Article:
You don’t get much change from a fiver for a lot of things these days, but the fine chaps over at the Raspberry Pi Foundation are all for giving as much bang for your buck as possible.
Released in November 2015, the Raspberry Pi Zero immediately drew people’s attention with its ridiculous price tag of just £4. The board is essentially a cheap and very small version of the Pi Model A+, making it very capable for a good number of uses.
The intention behind the Zero was not to provide a useable desktop experience(driving a GUI output while multi-tasking etc.) but instead to be a device that can be left running standalone to perform its tasks day-in-day out.
I initially attempted to get my hands on the Zero when the machine was announced at the same time as the first 10,000 units were being given away free with issue 40 of MagPi magazine. All newsagents I could find that stocked the magazine had sold out pretty quickly unsurprisingly.
The most ideal use-case for the board would be for it to be installed inside other machines as a control board or perhaps for running basic low-intensity tasks. Here are the board’s specs:
- A Broadcom BCM2835 application processor
- 1GHz ARM11 core (40% faster than Raspberry Pi 1)
- 512MB of LPDDR2 SDRAM
- A micro-SD card slot
- A mini-HDMI socket for 1080p60 video output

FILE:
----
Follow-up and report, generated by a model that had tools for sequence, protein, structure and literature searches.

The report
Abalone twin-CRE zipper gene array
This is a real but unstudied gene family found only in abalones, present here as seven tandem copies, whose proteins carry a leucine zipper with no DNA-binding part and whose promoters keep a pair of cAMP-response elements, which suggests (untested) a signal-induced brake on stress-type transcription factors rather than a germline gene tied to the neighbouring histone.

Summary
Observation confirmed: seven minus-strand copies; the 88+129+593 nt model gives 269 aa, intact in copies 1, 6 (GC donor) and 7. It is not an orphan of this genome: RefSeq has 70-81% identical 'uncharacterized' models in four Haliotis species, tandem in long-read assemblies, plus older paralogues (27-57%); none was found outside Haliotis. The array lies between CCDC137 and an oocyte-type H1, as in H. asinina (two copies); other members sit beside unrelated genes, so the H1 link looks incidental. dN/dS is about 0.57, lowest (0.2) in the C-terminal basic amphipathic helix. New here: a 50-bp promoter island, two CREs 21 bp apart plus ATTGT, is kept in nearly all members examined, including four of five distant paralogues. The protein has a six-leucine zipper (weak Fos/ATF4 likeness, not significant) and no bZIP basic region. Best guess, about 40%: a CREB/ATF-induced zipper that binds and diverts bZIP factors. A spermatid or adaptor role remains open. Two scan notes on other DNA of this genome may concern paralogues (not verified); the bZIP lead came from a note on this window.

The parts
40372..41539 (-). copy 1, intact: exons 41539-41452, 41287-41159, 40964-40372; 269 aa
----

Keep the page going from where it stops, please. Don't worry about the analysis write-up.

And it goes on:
- Micro-USB sockets for data and power
- An unpopulated 40-pin GPIO header
- Identical pinout to Model A+/B+/2B
- An unpopulated composite video header
- Size: 65mm x 30mm x 5mm
The main question is however, can it run RISC OS?
Well in theory yes, but as it stands it’s not straightforward. The Zero needs the latest firmware, which causes the processor to default to slow speed in order to allow the kernel to ask for the higher speed when it deems it necessary. RISC OS was initially unable to do this, but in the last few months it has since been updated to support switching – meaning forcing ‘turbo’ mode is no longer required to get RISC OS running on the board.
Although it’s got the same single-core, ARM-based processor as the first gen Model B, it’s slightly faster, with the clock speed bumped up to 1GHz. The system memory remains the same, with 512MB of DDR2 SDRAM.
Then there’s the board’s lack of an ethernet port – which means only RISC OS 5 ROMs dated 20-Dec-2015 and older will support a USB-to-Ethernet adapter in order to provide networking. This is due to complications risen from the implementation of ZeroPain.
It is however do-able if you have patience and spare of time on your side. Chris Hall has documented the process on his website.
The Pi Zero is still flying in and out of stock pretty fast despite having been on the market now for several months. The Pi Hut however do appear to get Zero’s in stock relatively regularly should you be wanting to take the extremely walltet-friendly plunge and have a play around with one.